Did you miss Part I: Writing? If so, check it out here.
While the manuscript was with the editor, and then with the designer, I kicked marketing into gear. I signed up for Angela Ford’s How to Plan a Book Launch course since this is something I haven’t done before. (I have published two other books, both traditionally and both more than 10 years ago, which meant my publisher handled marketing and promo, not to mention 10 years is a lifetime when it comes to marketing and promo.) From working in the publishing world for about 20 years, I felt pretty confident that I knew the basics, but I didn’t want to forget to do something obvious. (How embarrassing would that be?!)
To put together my plan, I started with the budget. I didn’t mind spending money but I wanted to be strategic about it since I see the book as a long-term source of income. Sure, there will be more sales during the initial launch than will drip in (aside from during future periods of promo), but this is a marathon in my mind, not a sprint. I’ll highlight a couple things I did here.
I started with Facebook ads. My wonderful VA handled the testing of two different Facebook ads so that we could use the better-performing ad during launch. Honestly, I was a bit disappointed in the results. Because it’s so hard to know what the issue was (the book? The image in the ad? Who knows?), I’m not going to drive myself batty trying to figure it out.
I also have a book sales page, which will remain active so that visitors to my website can learn about the book. It includes a look at the table of contents, reviews, a link to purchase, and more. The more detailed you can make this page, the better, in my opinion. I also have my photo, my bio, and information about the book.
For “free’ advertising, I did a countdown on social media with a cute countdown graphic coupled with pull quotes from the book text. These were well received and I would do them again.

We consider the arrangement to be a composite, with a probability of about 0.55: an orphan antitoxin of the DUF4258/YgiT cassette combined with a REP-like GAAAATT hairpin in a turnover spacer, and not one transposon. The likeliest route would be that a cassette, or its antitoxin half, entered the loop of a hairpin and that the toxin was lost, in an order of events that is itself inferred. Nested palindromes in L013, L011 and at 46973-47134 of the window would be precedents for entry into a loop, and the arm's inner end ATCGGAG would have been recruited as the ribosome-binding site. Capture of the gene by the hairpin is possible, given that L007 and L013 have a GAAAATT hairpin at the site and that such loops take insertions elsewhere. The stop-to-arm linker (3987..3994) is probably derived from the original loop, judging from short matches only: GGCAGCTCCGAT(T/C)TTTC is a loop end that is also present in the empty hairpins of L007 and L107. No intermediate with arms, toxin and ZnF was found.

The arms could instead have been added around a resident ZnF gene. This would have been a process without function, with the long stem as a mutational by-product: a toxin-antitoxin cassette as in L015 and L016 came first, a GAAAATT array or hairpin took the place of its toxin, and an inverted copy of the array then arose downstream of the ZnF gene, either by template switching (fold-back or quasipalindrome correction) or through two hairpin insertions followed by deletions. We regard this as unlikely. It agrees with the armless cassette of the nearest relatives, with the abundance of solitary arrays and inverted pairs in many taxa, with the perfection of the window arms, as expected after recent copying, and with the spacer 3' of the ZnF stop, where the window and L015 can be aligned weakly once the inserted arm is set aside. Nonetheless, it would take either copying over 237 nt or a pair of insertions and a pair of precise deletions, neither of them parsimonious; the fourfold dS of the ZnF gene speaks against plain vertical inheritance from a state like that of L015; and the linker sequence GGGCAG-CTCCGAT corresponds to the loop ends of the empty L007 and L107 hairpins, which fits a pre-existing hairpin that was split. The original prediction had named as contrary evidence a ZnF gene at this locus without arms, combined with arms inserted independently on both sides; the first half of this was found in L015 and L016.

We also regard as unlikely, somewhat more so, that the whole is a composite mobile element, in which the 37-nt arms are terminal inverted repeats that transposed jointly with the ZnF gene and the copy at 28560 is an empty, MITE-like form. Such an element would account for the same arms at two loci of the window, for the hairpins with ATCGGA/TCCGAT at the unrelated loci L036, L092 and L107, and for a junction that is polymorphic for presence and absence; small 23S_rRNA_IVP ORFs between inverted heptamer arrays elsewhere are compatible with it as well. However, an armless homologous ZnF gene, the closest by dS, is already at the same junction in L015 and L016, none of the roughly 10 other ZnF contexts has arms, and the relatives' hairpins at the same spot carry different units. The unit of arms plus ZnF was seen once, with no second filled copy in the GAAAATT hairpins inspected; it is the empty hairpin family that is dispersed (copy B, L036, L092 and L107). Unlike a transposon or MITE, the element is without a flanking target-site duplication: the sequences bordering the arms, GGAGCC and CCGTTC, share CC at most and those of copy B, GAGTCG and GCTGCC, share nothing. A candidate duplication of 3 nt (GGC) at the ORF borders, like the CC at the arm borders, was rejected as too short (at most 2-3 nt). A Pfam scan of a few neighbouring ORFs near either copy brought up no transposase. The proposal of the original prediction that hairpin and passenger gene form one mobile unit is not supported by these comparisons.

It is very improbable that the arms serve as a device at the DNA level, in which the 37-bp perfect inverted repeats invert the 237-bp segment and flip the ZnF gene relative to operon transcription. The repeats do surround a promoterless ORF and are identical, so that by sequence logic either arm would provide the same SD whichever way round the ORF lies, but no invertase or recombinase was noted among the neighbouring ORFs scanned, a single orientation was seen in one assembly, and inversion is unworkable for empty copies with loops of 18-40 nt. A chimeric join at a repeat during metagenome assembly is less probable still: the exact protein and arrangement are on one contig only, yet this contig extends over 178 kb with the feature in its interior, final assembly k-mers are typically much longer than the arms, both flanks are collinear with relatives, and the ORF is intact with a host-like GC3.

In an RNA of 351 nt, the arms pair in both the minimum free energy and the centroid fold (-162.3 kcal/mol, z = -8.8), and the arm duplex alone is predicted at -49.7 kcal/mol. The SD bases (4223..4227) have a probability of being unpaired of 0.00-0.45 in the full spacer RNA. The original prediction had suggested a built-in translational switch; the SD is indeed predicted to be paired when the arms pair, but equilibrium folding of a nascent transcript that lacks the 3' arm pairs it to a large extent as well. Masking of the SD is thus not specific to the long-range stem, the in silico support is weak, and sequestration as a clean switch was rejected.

All the while, I was lining up launch ambassadors, folks who would help me share the news of the launch with their own audiences. In the end, I had 43 people who had at some point offered to share the news of the book when the launch came. To make their “job” easier (always important when someone is doing you a favor!), I created copy and graphics that they could use and asked them to share it on whichever medium(s) they preferred. Some people used my copy, some added to it, and some created their own. I am 100% confident the book would not have launched as strongly without these ladies and their generosity.
Launch day itself was, as you know if you’ve ever launched a course or product before, exhausting and a blur. I had A LOT of support from my launch ambassadors, from my friends, and from the creative community in general. (In fact, it was a bit overwhelming and my husband could not understand why I ended the day in happy tears!) My only snafu, honestly, was an issue with Amazon that caused the paperback to not be available on launch day (even though it was there the day before!), but in the grand scheme of things, so what? The book still launched, most people bought an ebook rather than waiting for a paperback, and now the book is out there in the world. At the end of the day, I’m calling the day a success.
Have you ever launched a book? What’s your best book launch tip? I’m taking notes. You never know, I might write another book someday.